Law Student Networking: Take the Extra Step

Law school, especially the first year, is academic intensive, which leads students to completely ignore other important aspects of law school—like acquiring practical experience and networking.

When networking in law school, give it your full attention, and take the extra steps to create relationships that will pay off in the long run.

When someone opens a door, walk through it

There are tons of networking opportunities in law school to meet practicing lawyers who can help your job search now or down the road. For example: lunch hour presentations, law school events, internships, and cold-calling lawyers to see if they are willing to talk about their practice.

Regardless of how you meet someone who can help you, take them up on offers to help you. For example, if you meet a professional during a lunch hour lecture, and they offer to buy you lunch sometime, follow up with them. Most lawyers are serious about those offers—that is a great opportunity to get to know someone better and create a relationship. If someone suggest that you e-mail them to get more information about an opportunity: do it. Invitations to help are usually legitimate and should not be taken lightly.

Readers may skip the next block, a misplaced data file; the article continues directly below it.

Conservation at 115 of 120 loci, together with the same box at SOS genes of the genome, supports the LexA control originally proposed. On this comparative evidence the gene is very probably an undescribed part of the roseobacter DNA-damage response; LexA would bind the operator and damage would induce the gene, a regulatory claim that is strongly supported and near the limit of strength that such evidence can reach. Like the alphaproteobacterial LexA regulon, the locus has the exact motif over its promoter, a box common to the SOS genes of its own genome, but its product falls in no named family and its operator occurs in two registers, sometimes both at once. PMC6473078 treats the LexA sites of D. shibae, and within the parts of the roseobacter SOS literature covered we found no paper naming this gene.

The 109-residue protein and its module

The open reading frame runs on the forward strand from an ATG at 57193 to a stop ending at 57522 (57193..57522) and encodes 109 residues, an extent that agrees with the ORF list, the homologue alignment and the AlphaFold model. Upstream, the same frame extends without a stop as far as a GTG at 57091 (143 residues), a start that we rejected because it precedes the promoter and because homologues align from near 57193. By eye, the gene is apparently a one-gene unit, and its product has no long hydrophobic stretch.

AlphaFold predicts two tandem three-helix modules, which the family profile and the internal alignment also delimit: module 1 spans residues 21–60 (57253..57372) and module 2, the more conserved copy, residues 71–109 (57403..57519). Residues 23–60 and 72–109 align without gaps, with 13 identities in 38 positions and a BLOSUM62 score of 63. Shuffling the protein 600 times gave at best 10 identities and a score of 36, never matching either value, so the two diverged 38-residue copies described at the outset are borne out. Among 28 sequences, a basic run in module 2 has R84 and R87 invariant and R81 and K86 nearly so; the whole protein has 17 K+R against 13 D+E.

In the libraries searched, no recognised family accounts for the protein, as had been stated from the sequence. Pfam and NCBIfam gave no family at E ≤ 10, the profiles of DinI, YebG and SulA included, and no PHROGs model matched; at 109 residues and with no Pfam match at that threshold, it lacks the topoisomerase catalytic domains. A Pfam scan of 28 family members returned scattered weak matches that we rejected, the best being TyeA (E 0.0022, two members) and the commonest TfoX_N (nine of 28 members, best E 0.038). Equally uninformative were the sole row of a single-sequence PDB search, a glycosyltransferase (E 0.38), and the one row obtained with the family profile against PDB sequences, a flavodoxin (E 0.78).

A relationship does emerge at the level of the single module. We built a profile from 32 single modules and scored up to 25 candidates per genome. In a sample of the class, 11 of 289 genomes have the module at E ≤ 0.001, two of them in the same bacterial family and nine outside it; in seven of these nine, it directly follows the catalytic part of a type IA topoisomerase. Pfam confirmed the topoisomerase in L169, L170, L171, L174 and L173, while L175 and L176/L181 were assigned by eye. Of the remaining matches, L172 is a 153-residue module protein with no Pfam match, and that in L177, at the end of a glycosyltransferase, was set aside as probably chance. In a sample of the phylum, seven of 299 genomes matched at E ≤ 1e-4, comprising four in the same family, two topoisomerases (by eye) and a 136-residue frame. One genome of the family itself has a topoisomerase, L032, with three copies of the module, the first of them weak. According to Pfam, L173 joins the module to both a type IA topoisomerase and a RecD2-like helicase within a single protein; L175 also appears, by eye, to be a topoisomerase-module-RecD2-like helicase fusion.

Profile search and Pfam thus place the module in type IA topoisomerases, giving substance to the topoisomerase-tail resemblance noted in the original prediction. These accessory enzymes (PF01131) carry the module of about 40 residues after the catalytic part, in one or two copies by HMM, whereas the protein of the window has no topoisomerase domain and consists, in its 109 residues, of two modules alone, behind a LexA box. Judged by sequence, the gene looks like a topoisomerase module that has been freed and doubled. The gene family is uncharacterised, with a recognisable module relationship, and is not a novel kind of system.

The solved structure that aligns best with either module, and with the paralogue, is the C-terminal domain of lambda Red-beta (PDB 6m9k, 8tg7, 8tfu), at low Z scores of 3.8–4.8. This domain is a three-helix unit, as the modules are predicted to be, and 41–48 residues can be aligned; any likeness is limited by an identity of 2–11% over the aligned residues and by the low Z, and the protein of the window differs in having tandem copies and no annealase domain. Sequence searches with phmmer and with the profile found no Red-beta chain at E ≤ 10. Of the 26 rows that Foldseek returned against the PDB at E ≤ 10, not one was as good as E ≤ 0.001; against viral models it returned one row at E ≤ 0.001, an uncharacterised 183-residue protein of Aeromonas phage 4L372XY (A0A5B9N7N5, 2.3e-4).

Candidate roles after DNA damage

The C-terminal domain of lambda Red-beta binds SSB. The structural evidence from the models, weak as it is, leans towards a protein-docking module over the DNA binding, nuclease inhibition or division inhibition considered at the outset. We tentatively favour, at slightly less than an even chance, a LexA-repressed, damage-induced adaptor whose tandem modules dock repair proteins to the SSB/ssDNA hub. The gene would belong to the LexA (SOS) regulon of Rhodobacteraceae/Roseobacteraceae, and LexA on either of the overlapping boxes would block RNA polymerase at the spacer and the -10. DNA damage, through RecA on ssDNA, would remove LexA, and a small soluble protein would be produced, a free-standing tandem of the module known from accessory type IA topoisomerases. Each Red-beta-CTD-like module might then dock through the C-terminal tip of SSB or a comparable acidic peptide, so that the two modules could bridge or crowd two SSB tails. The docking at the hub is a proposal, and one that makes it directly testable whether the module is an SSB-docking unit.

Not only are you missing out on an opportunity if you don’t follow up, you can look bad by not following up. More than one law student has contacted me about having lunch, but then they fall off the face of the earth. I tend to remember those things and it does not create a positive impression.

Create a relationship, don’t just have lunch

Following up when networking is incredibly important. Your goal should always be to create a relationship, not just have lunch with someone. Just because someone cannot help you now does not mean they cannot help you down the road.

Make a point of checking in a few weeks later and ask about having lunch or coffee again. Chances are, the more you meet with someone, the more they will be willing to help you out. I know more than one person who has gotten a job solely through meeting attorneys for lunch or coffee.

In other words, don’t get frustrated if you don’t get a job offer from having lunch once. Focus on developing a relationship and it will pay off in the long run.



  1. Avatar joel says:

    Why on earth is there a picture of Mormon missionaries shaking hands here?

  2. Avatar Peter says:

    I think the most important networking is with your classmates. That’s a 100+ group of lawyers who know you and are great potential referral sources for years to come. Always amazed at the real jerks in law school and what a short-sighted perspective that is.

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